After the presentation, I asked the panelists whether ads are pulled off the air by stations after they are found wanting. The answer was basically no, although Kessler said that he is troubled by it: “This is something that I think about every time I do one of these.”
In going ahead and running the ads with false claims, he said, station management might feel that such ads fall “within the realm of political debate, within the boundaries of reasonableness and truthiness….”
That seems to be the standard for station management. On another panel, one that I moderated, NBC News Ombudsman Kevin Keeshan shared the criteria that the NBC O&Os use in determining whether to run third-party ads. Among them: “Ads will generally be accepted if there is a basis for the claims and such claims fall within the bounds of reasonable debate.”
Also discouraging is that both Fox and Kessler said that they believe it is a good idea to let suspect ads run for several days before analyzing them.
“Our voters must see something many times … before they do understand it,” said Kessler. “We just feel intuitively and journalistically to … [analyze an ad] without people having seen it … that it doesn’t make sense….”
Fox said that if he jumps on an ad immediately, viewers don’t have a chance to “digest” its contents. “If we don’t give it a chance to breathe like a good bottle of wine then they’re not actually able to soak in what we’re telling them is true or not true about [it].”
That means that viewers are often exposed repeatedly to the falsehoods in an ad before it is subjected to analysis and then, even if a station’s own reporter find it to be to full of lies and half-truths, it continues to air.
One report in one newscast hardly undoes all the false impressions generated by the ad airing over and over again before and after the newscast.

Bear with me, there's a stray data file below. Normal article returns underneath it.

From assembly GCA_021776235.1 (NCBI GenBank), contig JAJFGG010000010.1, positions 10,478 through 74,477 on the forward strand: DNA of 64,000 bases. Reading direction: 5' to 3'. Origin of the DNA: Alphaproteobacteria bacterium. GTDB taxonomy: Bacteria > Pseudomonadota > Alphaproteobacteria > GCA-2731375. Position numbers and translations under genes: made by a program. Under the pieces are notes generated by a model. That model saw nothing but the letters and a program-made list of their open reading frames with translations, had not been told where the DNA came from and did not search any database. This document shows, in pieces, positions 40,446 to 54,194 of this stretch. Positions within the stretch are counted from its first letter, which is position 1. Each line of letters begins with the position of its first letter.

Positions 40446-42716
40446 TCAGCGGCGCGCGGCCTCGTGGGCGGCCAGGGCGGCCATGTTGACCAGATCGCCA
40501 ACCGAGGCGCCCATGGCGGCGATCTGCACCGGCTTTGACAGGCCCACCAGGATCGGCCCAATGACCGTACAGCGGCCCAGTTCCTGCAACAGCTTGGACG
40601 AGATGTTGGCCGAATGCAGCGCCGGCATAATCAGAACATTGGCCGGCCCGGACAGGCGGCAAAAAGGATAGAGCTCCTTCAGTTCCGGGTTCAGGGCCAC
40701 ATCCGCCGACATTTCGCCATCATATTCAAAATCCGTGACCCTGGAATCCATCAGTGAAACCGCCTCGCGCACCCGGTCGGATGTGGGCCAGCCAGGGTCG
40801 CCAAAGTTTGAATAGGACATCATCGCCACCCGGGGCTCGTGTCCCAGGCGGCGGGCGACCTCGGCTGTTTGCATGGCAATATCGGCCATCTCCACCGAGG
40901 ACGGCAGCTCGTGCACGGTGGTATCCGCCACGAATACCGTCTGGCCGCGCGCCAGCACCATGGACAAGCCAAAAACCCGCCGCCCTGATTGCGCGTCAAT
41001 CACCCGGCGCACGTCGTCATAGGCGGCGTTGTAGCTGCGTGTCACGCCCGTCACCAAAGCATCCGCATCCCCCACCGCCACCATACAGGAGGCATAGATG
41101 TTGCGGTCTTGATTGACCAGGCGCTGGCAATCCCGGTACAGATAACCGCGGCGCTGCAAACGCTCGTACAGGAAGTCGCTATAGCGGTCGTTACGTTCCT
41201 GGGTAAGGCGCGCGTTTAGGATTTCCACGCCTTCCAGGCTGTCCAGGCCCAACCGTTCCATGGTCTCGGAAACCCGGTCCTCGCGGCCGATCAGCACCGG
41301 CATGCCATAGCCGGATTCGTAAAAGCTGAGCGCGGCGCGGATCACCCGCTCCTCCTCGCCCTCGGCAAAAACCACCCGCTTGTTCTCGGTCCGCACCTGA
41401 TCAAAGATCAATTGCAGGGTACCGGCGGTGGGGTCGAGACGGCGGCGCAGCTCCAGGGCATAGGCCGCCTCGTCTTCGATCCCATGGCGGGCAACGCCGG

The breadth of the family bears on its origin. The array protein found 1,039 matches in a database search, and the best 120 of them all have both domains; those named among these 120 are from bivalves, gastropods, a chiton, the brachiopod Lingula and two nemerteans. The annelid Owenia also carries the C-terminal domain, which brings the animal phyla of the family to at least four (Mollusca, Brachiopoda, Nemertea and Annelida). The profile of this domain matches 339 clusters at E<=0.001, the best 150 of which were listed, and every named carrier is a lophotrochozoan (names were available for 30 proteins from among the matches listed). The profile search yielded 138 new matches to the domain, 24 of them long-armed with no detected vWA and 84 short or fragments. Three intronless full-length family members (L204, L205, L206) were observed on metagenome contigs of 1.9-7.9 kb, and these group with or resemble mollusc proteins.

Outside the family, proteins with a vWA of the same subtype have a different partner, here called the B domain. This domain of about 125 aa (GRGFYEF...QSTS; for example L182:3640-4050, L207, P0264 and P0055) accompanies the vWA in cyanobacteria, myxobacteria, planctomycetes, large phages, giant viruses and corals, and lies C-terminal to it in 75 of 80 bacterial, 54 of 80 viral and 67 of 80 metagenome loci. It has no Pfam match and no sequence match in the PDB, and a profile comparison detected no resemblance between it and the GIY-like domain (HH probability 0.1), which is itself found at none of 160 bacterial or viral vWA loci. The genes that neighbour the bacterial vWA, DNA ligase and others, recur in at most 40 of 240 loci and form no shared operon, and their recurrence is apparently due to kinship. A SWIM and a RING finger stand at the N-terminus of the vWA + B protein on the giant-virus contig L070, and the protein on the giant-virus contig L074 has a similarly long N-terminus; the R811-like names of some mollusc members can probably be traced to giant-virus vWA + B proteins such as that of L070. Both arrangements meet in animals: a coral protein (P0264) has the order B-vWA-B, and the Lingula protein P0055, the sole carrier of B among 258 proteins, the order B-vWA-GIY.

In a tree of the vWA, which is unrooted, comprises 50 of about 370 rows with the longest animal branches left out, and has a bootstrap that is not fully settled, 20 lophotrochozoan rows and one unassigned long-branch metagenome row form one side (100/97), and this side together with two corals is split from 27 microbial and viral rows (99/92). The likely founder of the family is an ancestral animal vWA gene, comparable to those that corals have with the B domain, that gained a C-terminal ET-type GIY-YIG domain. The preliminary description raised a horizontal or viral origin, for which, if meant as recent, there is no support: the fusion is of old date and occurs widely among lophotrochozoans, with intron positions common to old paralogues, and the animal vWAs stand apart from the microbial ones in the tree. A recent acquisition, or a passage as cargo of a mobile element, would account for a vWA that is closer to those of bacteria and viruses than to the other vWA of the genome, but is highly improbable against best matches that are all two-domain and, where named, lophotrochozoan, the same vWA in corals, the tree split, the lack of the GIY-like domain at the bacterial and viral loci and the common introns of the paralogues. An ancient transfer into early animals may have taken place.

Stations like WESH, WCCO and WMUR are to be applauded.
In the best of all possible worlds, every station in the country would be cranking out fact-checking stories through election season just like the three Annenberg panelists. Fox said that there is no excuse for stations in markets of any size not to get in on the action. Kessler said that he puts his segments together with the help of only one video editor.
But stations ought to do more. They should hold themselves to a higher standard. Most ads do fall within the boundaries of reasonableness, and are OK to air. But a few every election season fall outside and should be rejected.
These fact-checking efforts all seem to have gimmicks. Fox has his “Truth Meter.” The worst of the PolitiFact ads are rated “Pants on Fire” and the Washington Post uses “Pinocchios” to measure mendacity. The more you get, the bigger the liar you are.
Such devices work. They grab the attention of viewers and leave no doubts in their minds. Best of all, they belittle the offending political advertiser.
So, here’s a suggestion. We’ll call it “The Hook.”
After you air a segment picking apart a particularly dishonest ad, the reporter looks deep into the camera as an appropriate graphic pops up and says, “This ad is so bad, so full of lies that we’re giving it The Hook. You won’t see this on [your call letters or on-air brand] anymore.”